LOS ANGELES -- The big question is, to paraphrase Ronald Reagan, do you feel better about yourself now than you did eight years ago?
That's when self-esteem as savior hit California government, to the hoots of Johnny Carson and "Doonesbury" -- and the earnest protestations of supporters who believed that efforts to build self-esteem and personal responsibility could help cure everything from welfare dependency to war.
Now, hundreds of thousands of dollars and eight years into the discussion, one of the parts in the governmental effort at feeling better has ended.
Last week, Los Angeles County's Board of Supervisors let the Task Force to Promote Self-Esteem and Personal and Social Responsibility dissolve itself and go away.
"I don't think you should create a government thing that goes on forever," said its former chairman, Mike Lindsay.
The task force's most recent leader, county Office of Education administrator Alice Healy-Sesno, agreed that it was time.
"This was not a seated commission, " Ms. Healy-Sesno said. "It was indeed a task force, and we fulfilled our charge."
So, seven years after its creation and five years after a similarly named state task force closed its doors, the county body has folded its tent and gone home -- declaring victory as it goes.
Ms. Healy-Sesno acknowledges that there was "no major evaluation component" to measure the impact of the task force's work, but she and others believe the group made a difference.
"We increased the comfort level in the meetings in regard to the fact that they could make a difference in themselves and society," Ms. Healy-Sesno said. "What we were trying to do is make parents, schoolteachers and others aware they had the strength to support children."
Mr. Lindsay, a plain-spoken federal probation officer, put it more bluntly.
vTC "When we first started, we had religious fanatics there who were so angry they were almost ready to break into fights," Mr. Lindsay said. Now, "It's more of a non-issue. It's more accepted."
The task force held community meetings and an annual awards luncheon, published brochures, taped an instructional video and otherwise worked to get the word out on self-esteem and responsibility.
More recently, the group had been involved in improving the region's "collective self-esteem" in the wake of riots, floods, quakes, recession and all the rest, said Mr. Lindsay.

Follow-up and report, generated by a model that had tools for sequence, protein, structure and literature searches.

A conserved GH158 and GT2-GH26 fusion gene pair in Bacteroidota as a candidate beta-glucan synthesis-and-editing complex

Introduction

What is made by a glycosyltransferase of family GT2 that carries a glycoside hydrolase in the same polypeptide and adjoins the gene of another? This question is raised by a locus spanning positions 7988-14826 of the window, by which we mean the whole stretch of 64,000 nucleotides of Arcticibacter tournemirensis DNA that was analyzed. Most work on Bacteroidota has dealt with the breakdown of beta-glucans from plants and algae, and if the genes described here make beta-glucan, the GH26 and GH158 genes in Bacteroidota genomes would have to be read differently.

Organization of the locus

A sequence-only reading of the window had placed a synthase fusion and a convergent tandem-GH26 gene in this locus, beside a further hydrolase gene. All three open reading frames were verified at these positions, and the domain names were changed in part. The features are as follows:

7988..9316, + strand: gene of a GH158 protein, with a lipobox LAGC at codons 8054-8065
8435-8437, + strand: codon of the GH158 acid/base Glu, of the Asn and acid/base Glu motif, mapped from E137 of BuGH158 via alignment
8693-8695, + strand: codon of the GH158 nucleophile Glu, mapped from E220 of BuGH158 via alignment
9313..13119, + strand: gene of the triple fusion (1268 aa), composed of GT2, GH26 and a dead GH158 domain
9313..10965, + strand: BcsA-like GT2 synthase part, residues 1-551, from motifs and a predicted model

Long-time member Tom Rische said the task force helped "change the dialogue," leading people to accept the idea that self-esteem mattered at some level in building successful citizens.
"The emphasis has been on tough love," Mr. Rische said. "More (( than that, on emphasizing the positive things in people's lives. We were trying to get a lot of people in touch with who they are, particularly when abuse is involved."
Teacher training and parenting classes on the subject are now widely in vogue, where they weren't even talked about before the movement began, Mr. Rische said.
"I think a lot of people are aware of this new idea," said Mr. Rische, whose profanity-laced references to some critics betray a certain lack of esteem for their opinions.
"All we were trying to do is [promote] a religious idea: Be nice to people. Look at the ways in which you could make the world better," he said.
But as that message was percolating into the collective subconscious, the task force was getting less in the way of help from the county.
Initially, the county provided up to $20,000 a year, said Rita Thomas, whose staff in the county Executive Office of the Board administers the task force and many other county commissions.
But in the past several years, the agency only had the minimal staff help of Ms. Thomas' office and no county funding to get its work done.
"They just got the little hints," said Ms. Thomas. "Many of the commission members are or were county employees, and with the budget crunch, they felt it wasn't the best use of our time and their time."